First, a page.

31. ego trippin’ • Define the term "ego trippin'". • Read Nikki Giovanni’s poem “Ego Trippin”, in which Giovanni gives Africa a feminine persona, a voice and an extremely well developed ego.  Discuss the images she has presented in this piece and the manner in which she has transformed the continent of Africa into a woman with extraordinary powers. I • Write an “Ego Trippin” poem about yourself.  You may claim any super-human traits or powers that you desire. •

  32. i’m just expressin’ my style • vignettes • this is the song that never ends • reader as worker • circles, cycles, & spirals, oh my! • paint me a picture • language is like blood

  33. paint me a picture • Paint a picture with words. • Let the reader see what you write. • Write an imagery poem by using the website: •

  34. language is like blood • Play with language, figurative language, that is.  • Write a figurative language poem using metaphors, similes, and personification with the website:  •

  35. reader as worker • The reader actually has to work to figure out the meanings and to connect ideas, at least according to many Asian and feminist authors. • Transitions are not as important as they are in traditional Western writing. Ideas are fragmentary. • Write a short story about an experience you had when you felt as if you didn’t fit it. Jump from emotions and images, but the theme behind it all should be one, large, interconnected idea. •

  36. this is the song that never ends • Realism • Many writings in the feminist vein do not attempt to have a neat & tidy conclusion. • They recognize that life goes on, even after the story is supposedly finished. • Everything we do feeds into something else. • This shows the inherent need for self-growth and self-discovery. • It leaves room for the reader to make meaning & to create interpretations. • Write a short story about an obstacle that had to be overcome. However, do not end it in a tried-&-true fashion. Leave it open, yet not unfinished. • •  

  37. vignette • sketch or essay or brief narrative characterized by great precision and delicate accuracy of composition -- a separate whole or a portion of a larger work.  • Write a vignette in which you recapture a moment of time. Use the website to help: •

  38. circles, cycles, & spirals – oh my! • Pantoum • Write a pantoum. • rhymes with zoom • a spiral form of writing • even with repeated lines, new meaning is created •     --verse form composed of stanzas of four lines •     --the second and fourth lines are repeated as the first and third lines in the following stanzas •     --the first line in the poem becomes the last line in the final stanza •     --the third line in the poem becomes the second line in the final stanza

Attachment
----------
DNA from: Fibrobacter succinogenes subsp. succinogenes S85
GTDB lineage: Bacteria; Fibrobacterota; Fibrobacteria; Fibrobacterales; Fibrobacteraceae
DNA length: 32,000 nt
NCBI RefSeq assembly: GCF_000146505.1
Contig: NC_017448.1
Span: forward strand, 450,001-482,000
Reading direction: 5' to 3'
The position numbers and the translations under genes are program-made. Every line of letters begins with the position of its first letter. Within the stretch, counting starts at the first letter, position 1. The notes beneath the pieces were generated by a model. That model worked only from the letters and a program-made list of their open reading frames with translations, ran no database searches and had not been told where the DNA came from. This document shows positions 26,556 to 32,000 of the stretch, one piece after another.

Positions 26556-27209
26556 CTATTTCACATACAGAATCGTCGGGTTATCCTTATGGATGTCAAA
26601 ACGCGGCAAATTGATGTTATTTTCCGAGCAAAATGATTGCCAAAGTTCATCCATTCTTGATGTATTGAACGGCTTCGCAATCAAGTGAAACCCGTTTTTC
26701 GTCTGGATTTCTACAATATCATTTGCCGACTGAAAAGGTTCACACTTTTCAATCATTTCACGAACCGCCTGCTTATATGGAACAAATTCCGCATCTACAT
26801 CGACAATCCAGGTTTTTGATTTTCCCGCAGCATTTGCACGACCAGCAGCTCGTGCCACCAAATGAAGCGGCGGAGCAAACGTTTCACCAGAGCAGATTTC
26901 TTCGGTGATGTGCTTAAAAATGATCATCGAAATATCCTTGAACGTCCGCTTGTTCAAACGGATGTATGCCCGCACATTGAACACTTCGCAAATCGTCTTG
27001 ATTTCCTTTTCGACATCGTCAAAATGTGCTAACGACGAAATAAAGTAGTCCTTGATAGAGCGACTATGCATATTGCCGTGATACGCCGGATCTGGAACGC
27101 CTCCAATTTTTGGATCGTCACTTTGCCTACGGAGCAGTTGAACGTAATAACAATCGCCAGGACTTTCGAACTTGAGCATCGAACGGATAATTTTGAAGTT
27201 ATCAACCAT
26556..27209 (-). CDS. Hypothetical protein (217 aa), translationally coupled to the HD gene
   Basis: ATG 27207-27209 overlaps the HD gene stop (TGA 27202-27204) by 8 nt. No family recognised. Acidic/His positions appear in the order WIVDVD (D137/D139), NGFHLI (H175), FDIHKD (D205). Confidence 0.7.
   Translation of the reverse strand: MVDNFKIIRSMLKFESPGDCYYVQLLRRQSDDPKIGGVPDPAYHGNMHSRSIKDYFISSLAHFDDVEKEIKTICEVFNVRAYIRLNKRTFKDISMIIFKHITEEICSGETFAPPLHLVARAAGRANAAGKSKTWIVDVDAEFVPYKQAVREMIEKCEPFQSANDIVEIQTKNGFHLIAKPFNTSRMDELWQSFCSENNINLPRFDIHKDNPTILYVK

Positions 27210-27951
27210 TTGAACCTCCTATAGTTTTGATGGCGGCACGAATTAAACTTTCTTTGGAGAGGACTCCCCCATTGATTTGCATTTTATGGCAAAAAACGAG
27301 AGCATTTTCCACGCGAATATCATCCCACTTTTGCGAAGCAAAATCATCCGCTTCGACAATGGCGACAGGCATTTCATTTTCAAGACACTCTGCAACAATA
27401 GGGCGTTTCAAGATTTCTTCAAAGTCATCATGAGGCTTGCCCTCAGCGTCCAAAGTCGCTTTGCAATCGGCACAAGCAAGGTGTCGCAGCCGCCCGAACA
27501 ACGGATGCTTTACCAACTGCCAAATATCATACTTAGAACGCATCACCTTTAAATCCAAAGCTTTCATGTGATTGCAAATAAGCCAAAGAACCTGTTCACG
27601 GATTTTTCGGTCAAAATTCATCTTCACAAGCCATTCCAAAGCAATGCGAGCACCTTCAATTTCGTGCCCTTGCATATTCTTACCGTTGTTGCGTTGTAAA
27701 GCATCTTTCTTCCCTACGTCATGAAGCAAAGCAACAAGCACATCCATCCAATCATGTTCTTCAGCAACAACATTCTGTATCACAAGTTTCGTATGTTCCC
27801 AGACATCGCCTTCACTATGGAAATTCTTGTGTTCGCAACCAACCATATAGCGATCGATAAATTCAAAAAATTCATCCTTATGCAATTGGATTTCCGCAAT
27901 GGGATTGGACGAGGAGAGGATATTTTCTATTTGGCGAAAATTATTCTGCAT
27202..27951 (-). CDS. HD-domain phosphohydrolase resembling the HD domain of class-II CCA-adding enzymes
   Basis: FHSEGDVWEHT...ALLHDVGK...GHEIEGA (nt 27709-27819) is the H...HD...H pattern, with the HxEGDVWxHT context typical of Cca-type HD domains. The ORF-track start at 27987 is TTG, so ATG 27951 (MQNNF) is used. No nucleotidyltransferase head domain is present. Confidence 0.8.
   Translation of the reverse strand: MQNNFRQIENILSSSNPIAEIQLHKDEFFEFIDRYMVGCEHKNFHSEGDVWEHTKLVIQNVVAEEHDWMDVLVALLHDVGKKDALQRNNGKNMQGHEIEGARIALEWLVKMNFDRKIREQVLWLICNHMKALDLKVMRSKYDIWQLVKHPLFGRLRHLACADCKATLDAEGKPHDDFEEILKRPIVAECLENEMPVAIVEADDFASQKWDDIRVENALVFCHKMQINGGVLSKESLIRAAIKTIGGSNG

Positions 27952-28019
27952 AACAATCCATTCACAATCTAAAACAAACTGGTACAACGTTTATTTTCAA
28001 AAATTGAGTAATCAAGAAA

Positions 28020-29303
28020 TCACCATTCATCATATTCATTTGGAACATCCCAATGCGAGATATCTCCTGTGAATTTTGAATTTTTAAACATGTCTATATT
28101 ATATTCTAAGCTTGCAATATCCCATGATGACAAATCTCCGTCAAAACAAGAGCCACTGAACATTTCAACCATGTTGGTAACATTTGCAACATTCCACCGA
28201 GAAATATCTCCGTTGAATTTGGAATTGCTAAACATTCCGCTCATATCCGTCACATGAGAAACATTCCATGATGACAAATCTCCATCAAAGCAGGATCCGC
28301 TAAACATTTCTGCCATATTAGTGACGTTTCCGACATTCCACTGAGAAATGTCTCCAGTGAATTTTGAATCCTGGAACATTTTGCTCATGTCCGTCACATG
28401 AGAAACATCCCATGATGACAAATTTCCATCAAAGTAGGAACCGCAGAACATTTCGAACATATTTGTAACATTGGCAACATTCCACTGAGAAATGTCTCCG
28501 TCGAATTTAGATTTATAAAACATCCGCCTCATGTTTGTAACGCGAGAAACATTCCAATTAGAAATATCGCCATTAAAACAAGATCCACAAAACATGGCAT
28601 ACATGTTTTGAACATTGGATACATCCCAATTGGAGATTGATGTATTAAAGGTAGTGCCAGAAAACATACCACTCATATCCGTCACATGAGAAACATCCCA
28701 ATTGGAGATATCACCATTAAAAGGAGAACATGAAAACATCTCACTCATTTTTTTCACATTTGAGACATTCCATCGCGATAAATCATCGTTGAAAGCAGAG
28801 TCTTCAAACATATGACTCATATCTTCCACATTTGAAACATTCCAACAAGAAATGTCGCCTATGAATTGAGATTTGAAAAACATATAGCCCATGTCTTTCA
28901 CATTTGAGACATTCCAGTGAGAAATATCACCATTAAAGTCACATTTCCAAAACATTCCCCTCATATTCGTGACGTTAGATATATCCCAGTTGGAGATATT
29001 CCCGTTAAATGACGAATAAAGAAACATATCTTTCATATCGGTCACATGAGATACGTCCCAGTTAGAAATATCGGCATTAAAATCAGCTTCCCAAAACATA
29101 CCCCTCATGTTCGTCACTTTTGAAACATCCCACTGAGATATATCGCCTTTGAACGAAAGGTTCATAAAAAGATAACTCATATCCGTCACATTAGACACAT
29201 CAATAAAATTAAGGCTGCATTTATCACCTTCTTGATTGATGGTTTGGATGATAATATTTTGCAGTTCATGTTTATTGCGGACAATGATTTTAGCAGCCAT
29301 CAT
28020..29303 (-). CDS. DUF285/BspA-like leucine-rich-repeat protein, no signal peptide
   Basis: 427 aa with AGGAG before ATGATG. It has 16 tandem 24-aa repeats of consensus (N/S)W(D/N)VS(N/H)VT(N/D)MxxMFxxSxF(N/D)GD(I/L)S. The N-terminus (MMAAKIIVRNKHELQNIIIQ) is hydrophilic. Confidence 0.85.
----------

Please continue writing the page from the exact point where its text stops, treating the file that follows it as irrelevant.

39. circles, cycles, & spirals – oh my! – cont. • A kiss hello...a wave airplane fading in the sky. • Our lives are marked by beginnings and endings. In the things we do every day, we look for starting and ending points. We hold those images' sight, smell, taste, and feel. It's no wonder, then, that writers take such care to develop strong introductions that grab readers and conclusions that leave them feeling satisfied. • The best leads and endings don't just happen; they are crafted. This can be a painstaking process that, as any experienced writer knows, becomes somewhat easier with practice. •

  40. circles, cycles, & spirals – oh my! - cont. • Much good fiction is written in a circular style. • The Bone People by Keri Hulme is a wonderful example of this cyclical nature. • •

  41. circles, cycles, & spirals – oh my! -- cont. • Once a first draft is completed, a circular lead/close is easy to create. Look at your endings and try to begin with those closing words as well. This type of lead brings the pieces full circle. It's a tidy way to begin and end. • Ex. Eric Carle, The Grouchy Ladybug •

  42. circles, cycles, & spirals – oh my! -- cont. • Circular writing is when a writer's introduction and conclusion solidly connect.  The end comes back to the beginning somehow.  Writers can write in circles by simply repeating the same sentence at the beginning and the end.  Or--better yet--they can remind the reader how the starting and stopping point of their writing are connected with one word or phrase that's repeated.  Linking an introduction to a conclusion is an effective skill writers might think about when thinking about the organization of their writing, and it's good to practice once in a while. • Think of a funny scene or experience. Use the same word or phrase to begin and end the story. •

  43. circles, cycles, & spirals – oh my! -- cont. • Unwinding a circular plot • Circular stories follow a “round” pattern—they begin and end in the same. Like the cycle of seasons or the life cycle, circular stories follow a predictable series of events that returns to the starting point. • Ex. “If you give a mouse a cookie” or Louise Erdrich’s Native American novels & poems • Follow the instructions on the website to create your own circular story: •

  44. references Aronson, D. (2005).  Isabel Allende Loves the Writing Process.  The Council Chronicle, 9, 6.  Jenkins, R.Y. (1993).  The Intersection of Gender and Culture in the Teaching of Writing.  College Teaching, 41, 19-24.  Luna, C. (1993).  Story, Voice, and Culture: The Politics of Narrative in Multicultural Education.          Working Papers in Educational Linguistics, 9 (1), 127-142.  Perry, S. (1999). Writing in Flow: Keys to Enhanced Creativity. Writer’s Digest Books. Reid, G. (2004).  Non-linear narrative and EFL/ESL: Projects for Creative Writing.  The Onestop Magazine. Satie, S. (2001).  Pre-Creating the HyperNews Classroom Community: (Not) Speaking, (Not) Writing the Subtext. Annual Meeting of the Conference on College Composition and Communication, 3-8.  St. Amour, M.J. (2003).  Connecting Children's Stories to Children's Literature: Meeting Diversity Needs.  Early Childhood Education Journal, 31 (1), 47-51.  Stewart, J. Rhythm Science.  Critical Studies in Improvisation. Surfus, B. L.  (1994).  Autobiography and the Ascent of Multiculturalism: A Negotiation.  Viewpoints, 120, 2-5.  Tohe, L. (1993).  A Native American's Perspective on the Writing Classroom.              Annual Meeting of the Conference on College Composition and Communication, 2-9. 

  45. credits • • • • •,,0_0142001961,00.html?sym=EXC • • • • •,01,02.html • • • •

  46. credits • • • • • • • • • •   • • • •